What's the best way to have a collection of class instances, all derived from the same base class?

I have a set of classes, all of which are based on a common base. I need a collection (possibly list

) that will contain instances of derived classes of various types. Class operations will call virtual methods on collection instances. Of course I can't use list<Base>

, because holding the base class by value will strip the derived classes.

The obvious solution is to use list<Base*>

and transfer it to a class using a copy constructor, destructor, etc. The base class will have a virtual function duplicate

that is overloaded in each derived class to return a pointer to a copy of that derived class. The destructor must go through the list and delete

each item.

If there is a Boost way to do this, that's fine. I am already using Boost. It seems to me that using Boost shared pointers would be the best way to go. There will be an overhead in managing the total number of links, but it should be cheaper than the allocation / copying required in the case of a pointer. However, this would mean that copies of the collection will result in the same instance, and changing one copy will change the other.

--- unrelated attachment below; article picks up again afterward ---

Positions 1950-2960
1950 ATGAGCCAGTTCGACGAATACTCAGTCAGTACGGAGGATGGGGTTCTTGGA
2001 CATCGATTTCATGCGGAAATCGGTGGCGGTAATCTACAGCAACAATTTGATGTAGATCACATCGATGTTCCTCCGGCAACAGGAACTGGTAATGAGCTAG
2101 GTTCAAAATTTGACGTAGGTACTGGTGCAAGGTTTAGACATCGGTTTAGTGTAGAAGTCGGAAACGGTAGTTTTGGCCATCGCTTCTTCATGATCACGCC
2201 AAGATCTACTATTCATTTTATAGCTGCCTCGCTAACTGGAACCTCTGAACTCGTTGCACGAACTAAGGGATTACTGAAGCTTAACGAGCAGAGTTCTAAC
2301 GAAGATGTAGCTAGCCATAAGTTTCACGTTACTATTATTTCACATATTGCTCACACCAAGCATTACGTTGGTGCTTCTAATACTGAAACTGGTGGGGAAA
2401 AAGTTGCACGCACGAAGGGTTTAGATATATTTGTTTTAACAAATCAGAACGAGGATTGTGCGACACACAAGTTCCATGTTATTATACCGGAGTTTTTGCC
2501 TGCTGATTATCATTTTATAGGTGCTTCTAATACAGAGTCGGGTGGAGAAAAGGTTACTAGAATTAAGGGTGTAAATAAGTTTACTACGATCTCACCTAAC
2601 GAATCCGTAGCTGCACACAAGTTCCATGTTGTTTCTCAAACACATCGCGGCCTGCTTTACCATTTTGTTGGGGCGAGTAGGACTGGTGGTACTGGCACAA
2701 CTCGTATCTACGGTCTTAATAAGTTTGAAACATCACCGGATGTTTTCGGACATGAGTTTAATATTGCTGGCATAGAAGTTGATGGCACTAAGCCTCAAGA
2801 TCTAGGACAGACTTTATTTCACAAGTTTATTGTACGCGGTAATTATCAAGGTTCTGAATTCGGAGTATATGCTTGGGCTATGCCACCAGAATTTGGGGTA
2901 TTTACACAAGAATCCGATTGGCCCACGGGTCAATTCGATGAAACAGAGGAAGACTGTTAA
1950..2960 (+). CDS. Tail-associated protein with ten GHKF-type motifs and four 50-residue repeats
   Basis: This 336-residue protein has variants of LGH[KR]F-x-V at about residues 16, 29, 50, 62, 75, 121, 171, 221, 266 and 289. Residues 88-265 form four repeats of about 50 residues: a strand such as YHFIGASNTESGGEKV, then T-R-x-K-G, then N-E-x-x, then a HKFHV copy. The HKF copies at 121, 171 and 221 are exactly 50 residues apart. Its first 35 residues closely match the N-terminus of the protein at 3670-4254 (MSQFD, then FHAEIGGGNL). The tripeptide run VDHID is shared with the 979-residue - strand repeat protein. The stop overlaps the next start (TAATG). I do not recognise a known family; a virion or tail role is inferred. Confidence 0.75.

I don't know yet how this code will actually be used. So I'm not sure if the semantics of the shared copy would be an issue. I don't think copies will be distributed, they just need to be reasonably processed.

Is there another way?


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1 answer

Say hello to Boost.PointerContainer . By default, they offer deep semantics when copying containers (this is configurable, however). Note that you need to implement a free method new_clone

for your abstract base class in the appropriate namespace.

Also, as a side note, please use std::vector

as the first choice container.

One more note, don't wrap container<Base*>

, but rather wrap Base*

in, you guessed it, a smart pointer. C ++ 11 suggests unique_ptr

if you don't want cross-ownership. unique_ptr

lets you move it, you can't copy it.



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